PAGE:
The US dollar is currently taking a breather after moving higher yesterday. While the dollar rose against all major currencies yesterday, the buck is currently weaker against the Japanese yen. The dollar had a limited reaction to Federal Reserve Chair Jerome Powell's prepared speech. However, the currency began rallying during the Q&A session that followed. While Powell did not comment specifically on the possibility of more than three rate hikes this year (the consensus estimate), he provided a relatively upbeat view of the economy. Specifically, he stated that his view of the economy had improved since last December, given better data, tax cuts and the likelihood of higher wages in the future. The market interpreted his comments as opening the door to four or more rate hikes this year, causing bond yields and the dollar to strengthen. Looking at reactions in other markets, equities and commodities fell thanks to the increasing probability of more rate hikes this year. Unsurprisingly, USD/JPY is falling today as a result.
Turning to economic data, most figures released yesterday were below expectations. The goods trade balance, durable goods, and the MoM housing price index all missed consensus estimates. The Atlanta Fed's GDP Now estimate for Q1 growth also fell from 3.2% to 2.6%. Our short-term outlook on the dollar is neutral, while our medium-term outlook remains bearish.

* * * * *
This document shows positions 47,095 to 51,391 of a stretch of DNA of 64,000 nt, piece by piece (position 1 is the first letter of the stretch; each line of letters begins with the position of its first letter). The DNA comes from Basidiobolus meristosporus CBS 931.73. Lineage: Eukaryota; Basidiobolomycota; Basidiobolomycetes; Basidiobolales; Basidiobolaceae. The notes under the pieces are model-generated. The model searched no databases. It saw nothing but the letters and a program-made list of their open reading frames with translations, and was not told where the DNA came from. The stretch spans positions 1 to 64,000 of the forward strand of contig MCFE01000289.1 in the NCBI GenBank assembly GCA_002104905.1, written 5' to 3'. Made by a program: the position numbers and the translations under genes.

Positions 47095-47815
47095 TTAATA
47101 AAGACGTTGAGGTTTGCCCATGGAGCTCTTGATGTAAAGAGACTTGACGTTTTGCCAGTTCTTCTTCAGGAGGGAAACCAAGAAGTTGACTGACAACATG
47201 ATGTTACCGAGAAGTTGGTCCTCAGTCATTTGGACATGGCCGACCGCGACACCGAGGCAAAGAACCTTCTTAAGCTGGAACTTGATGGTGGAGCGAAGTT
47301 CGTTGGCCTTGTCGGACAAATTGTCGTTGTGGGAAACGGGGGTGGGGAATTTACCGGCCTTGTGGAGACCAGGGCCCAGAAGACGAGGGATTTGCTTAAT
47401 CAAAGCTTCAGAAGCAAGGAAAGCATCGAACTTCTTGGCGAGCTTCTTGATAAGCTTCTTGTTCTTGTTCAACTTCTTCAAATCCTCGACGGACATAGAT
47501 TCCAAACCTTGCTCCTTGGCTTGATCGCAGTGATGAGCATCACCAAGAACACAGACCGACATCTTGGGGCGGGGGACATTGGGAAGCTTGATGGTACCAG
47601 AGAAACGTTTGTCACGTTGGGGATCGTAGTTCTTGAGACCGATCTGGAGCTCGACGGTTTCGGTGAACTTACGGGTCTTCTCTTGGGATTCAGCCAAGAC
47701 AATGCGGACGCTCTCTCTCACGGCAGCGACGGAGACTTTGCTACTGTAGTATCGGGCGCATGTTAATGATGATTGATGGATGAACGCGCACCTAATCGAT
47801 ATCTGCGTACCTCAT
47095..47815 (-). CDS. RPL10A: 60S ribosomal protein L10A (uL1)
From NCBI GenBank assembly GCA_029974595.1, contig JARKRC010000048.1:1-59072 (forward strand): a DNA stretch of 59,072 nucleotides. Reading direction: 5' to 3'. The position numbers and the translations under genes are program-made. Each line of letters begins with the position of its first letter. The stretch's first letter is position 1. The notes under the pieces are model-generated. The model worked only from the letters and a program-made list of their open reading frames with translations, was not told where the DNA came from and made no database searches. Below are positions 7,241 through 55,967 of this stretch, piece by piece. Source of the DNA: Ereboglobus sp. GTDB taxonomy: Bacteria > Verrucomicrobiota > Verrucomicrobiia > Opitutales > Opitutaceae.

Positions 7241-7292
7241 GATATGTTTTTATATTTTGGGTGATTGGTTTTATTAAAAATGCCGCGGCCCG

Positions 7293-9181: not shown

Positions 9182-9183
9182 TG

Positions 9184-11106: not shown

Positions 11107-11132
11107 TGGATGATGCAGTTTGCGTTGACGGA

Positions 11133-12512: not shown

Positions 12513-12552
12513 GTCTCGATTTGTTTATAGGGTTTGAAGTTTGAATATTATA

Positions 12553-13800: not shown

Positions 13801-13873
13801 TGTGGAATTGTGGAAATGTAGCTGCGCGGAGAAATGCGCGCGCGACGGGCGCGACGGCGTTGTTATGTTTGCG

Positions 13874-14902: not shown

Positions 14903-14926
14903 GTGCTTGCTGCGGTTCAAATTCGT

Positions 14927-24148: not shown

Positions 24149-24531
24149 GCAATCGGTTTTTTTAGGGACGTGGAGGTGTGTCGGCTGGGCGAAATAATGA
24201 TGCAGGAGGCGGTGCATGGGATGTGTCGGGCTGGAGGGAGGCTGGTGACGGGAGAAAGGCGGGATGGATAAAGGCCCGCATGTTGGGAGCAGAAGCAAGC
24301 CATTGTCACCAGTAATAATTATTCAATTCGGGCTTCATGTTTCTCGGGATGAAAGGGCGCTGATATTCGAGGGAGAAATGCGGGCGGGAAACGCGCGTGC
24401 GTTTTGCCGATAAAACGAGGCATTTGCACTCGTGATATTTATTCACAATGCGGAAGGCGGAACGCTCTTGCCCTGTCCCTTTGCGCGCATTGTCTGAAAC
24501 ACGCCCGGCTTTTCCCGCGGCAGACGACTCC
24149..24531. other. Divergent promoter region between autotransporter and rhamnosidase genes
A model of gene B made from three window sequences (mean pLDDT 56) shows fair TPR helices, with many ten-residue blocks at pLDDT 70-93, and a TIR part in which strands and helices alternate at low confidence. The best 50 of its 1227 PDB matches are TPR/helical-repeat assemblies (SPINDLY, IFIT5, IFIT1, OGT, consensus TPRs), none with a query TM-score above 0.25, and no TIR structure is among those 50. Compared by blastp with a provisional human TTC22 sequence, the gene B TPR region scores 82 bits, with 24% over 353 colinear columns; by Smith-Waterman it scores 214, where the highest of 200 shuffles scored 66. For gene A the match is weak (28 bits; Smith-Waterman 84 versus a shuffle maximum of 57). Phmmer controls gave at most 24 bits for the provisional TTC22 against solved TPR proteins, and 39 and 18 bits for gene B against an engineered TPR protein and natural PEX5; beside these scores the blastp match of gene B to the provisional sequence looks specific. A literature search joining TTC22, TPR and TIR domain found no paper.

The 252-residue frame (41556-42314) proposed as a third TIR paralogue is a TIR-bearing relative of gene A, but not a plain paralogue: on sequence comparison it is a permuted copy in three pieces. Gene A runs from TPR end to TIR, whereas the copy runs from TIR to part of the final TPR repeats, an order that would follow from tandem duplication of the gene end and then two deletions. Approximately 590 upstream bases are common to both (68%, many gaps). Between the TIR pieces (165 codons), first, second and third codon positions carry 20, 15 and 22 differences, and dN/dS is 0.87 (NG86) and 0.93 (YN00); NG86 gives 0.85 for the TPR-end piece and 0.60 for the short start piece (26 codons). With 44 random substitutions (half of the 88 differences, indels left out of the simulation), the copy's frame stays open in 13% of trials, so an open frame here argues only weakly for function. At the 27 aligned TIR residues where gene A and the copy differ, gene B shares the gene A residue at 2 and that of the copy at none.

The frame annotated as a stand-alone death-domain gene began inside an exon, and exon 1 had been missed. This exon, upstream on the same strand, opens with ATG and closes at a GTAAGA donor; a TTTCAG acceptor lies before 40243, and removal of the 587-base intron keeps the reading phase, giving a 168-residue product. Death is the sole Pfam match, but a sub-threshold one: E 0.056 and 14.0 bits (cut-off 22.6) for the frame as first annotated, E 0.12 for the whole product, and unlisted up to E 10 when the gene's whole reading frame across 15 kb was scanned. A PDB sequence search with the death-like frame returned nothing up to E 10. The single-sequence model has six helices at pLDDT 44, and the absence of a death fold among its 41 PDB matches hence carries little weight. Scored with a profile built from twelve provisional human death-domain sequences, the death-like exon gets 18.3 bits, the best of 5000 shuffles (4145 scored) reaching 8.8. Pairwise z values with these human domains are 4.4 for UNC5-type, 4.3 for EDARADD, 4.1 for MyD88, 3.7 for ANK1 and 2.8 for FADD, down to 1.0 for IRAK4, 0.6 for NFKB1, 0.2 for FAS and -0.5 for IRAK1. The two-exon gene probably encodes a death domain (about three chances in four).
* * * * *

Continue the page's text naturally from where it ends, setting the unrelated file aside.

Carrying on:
USD/JPY is down today and currently trading above 107.0. EUR/USD is flat and trading above 1.220. The pound is flat, and GBP/USD is currently above 1.3890.
Turning to US economic data this week, we’ll see GDP figures and Core Personal Consumption Expenditures. New home sales (0.59m vs. 0.65m) and the Chicago Fed national activity index (0.12 vs. 0.15 expected) were below consensus estimates. The Dallas Fed manufacturing index (37.2 vs. 28.4 expected) blew past estimates. St. Louis Fed President Bullard warned against "substantially" higher interest rates. Fed Chairman Jerome Powell delivered an upbeat forecast for the US economy. Durable goods (-3.7% vs. -2% expected) missed expectations while YoY Case-Shiller home prices (6.3%) met expectations (note month-over-month figures missed consensus estimates). Later today, we’ll see the second take of Q4 GDP growth and Q4 Core Personal Consumption Expenditures. On Thursday, we’ll see January Core PCE figures, personal spending, initial jobless claims, construction spending, and Markit + ISM manufacturing PMIs. Last week, FOMC minutes suggested an improving outlook for growth and inflation.